11 Jun Digital Economy and Society Index 2020
11 Jun, 2020
On 11 June 2020, the Digital Economy and Skills Unit of the DG CONNECT published the Digital Economy and Society Index, based on data collected by Eurostat in 2019.
Overall there is a slow progress in the acquisition of digital competences, as the number of EU citizens with insufficient digital skills drops by 1% from 43% to 42%.
In the report one can read that:
“Throughout the last 4 years, the level of digital skills has continued to grow slowly, reaching 58% of individuals having at least basic digital skills, 33% with above basic digital skills and 61% of individuals having at least basic software skills. The skills indicators are strongly influenced by socio-demographic aspects. For example, 82% of young individuals (16-24), 85% of those with high formal education, 68% of employed or self-employed people and 87% of students have at least basic digital skills. By contrast, only 35% of those aged 55-74 and 30% of the retired and the inactive possess basic skills.” (DESI 2020, Human Capital, page 4, our emphasis)
As far as regular internet users are concerned:
“In Member States such as Denmark, Sweden and the Netherlands, the vast majority of the population (95%) uses the internet at least once a week. Noteworthy increases in comparison to last year were recorded in Ireland (+8 percentage points), Spain and Hungary (+5 percentage points). However, in some Member States, over one quarter of the population still does not regularly go online (33% of Bulgarians and 28% of Romanians).” (DESI 2020, Use of Internet services, page 4, our emphasis)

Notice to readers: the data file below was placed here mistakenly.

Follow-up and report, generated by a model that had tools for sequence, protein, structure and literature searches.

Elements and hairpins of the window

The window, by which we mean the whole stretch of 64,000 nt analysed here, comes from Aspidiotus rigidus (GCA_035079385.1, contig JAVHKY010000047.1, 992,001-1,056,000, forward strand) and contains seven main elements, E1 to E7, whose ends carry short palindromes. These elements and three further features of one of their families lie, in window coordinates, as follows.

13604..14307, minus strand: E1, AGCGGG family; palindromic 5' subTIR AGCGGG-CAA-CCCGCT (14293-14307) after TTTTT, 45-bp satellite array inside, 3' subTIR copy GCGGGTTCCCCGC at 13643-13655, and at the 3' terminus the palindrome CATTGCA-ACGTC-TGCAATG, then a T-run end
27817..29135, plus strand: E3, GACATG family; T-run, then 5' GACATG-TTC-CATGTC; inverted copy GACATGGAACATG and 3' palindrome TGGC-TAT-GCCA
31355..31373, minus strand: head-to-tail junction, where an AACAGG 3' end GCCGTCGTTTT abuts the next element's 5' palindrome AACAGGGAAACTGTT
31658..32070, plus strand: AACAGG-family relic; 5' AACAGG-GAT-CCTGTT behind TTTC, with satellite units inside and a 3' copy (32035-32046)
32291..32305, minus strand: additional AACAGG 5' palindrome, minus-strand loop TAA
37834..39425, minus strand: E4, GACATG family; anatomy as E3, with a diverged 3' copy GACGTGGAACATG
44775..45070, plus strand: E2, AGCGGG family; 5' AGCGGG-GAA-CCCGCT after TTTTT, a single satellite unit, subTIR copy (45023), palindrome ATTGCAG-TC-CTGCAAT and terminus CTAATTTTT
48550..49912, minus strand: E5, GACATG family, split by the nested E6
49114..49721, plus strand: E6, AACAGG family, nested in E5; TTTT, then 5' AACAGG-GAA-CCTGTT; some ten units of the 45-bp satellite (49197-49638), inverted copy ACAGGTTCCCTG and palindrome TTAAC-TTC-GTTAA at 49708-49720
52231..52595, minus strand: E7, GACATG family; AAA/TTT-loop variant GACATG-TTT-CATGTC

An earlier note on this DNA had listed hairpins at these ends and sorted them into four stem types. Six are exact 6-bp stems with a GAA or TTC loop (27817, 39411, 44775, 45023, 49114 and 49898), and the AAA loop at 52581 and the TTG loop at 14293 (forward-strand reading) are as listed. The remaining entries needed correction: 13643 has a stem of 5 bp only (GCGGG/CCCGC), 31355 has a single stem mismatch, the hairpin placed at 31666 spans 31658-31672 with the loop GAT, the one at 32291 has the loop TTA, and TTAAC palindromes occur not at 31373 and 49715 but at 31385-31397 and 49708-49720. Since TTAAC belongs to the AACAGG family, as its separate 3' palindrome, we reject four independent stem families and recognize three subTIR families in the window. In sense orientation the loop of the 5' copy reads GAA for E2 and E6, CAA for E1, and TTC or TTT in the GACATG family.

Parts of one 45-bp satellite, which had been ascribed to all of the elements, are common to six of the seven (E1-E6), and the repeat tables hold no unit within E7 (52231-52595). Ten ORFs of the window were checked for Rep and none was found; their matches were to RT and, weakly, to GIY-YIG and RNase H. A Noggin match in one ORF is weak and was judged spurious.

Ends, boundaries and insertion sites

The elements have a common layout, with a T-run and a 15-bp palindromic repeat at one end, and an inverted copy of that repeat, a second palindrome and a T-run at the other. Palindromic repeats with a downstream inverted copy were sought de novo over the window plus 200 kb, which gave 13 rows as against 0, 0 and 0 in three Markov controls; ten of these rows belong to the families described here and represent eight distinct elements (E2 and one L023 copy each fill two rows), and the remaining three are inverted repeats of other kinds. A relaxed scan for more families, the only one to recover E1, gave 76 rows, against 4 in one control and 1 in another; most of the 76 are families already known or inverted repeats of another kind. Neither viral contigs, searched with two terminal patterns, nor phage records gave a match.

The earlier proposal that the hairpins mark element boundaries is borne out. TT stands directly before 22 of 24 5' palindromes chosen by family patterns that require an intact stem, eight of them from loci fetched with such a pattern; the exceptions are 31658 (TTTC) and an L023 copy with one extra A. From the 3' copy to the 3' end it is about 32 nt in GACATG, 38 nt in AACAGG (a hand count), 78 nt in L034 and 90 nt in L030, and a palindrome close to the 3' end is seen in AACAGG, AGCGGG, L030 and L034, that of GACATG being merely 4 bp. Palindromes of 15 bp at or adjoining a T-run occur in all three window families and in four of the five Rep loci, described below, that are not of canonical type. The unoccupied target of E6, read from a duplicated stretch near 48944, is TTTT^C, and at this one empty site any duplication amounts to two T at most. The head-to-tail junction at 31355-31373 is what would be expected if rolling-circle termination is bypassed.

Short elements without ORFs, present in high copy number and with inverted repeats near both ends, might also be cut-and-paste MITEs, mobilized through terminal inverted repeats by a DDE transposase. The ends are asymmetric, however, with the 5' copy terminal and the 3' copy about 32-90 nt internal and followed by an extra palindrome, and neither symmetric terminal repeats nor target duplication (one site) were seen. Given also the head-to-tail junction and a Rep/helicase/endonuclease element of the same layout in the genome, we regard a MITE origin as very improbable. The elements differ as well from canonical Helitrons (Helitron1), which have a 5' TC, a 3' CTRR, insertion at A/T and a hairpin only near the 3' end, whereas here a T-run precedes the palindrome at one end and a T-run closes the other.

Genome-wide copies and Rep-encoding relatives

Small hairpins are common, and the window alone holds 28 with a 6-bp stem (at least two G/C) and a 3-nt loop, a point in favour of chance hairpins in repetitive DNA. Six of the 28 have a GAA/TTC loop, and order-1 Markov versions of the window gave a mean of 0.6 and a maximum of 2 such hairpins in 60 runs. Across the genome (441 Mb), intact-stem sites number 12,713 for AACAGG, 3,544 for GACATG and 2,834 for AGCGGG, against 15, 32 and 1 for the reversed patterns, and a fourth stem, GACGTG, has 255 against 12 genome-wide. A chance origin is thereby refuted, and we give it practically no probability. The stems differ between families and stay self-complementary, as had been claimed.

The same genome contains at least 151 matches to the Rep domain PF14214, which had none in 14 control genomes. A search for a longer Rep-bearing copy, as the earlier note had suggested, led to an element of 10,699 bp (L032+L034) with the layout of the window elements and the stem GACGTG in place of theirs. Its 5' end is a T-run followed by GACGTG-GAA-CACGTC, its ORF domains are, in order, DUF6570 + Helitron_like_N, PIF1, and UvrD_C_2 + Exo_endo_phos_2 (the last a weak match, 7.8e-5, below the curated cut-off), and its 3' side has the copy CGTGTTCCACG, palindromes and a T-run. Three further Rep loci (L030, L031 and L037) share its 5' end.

This is the breakdown of the uses of Internet (DESI 2020, Use of Internet services, page 3):
DESI is as usual a fundamental source of information for all those engaged in the teaching of digital competences. This year, however, one would hope that the Digital Economy and Skills Unit publishes an update of the index with the 2020 data following the three- month long lockdown, without waiting for 2021. Most of the European population trapped in their homes for months, often with no other means to communicate, work, learn, shop than a computer or a smartphone must have altered the data significantly: it is crucial to know the new picture of digital competences in the population after COVID-19 to better organise the efforts of digital competences centres and organisations in their key contribution for the recovery of our economies. ALL DIGITAL has contacted the European Commission to know whether an update in this direction is planned.
by Renato Sabbadini, CEO of ALL DIGITAL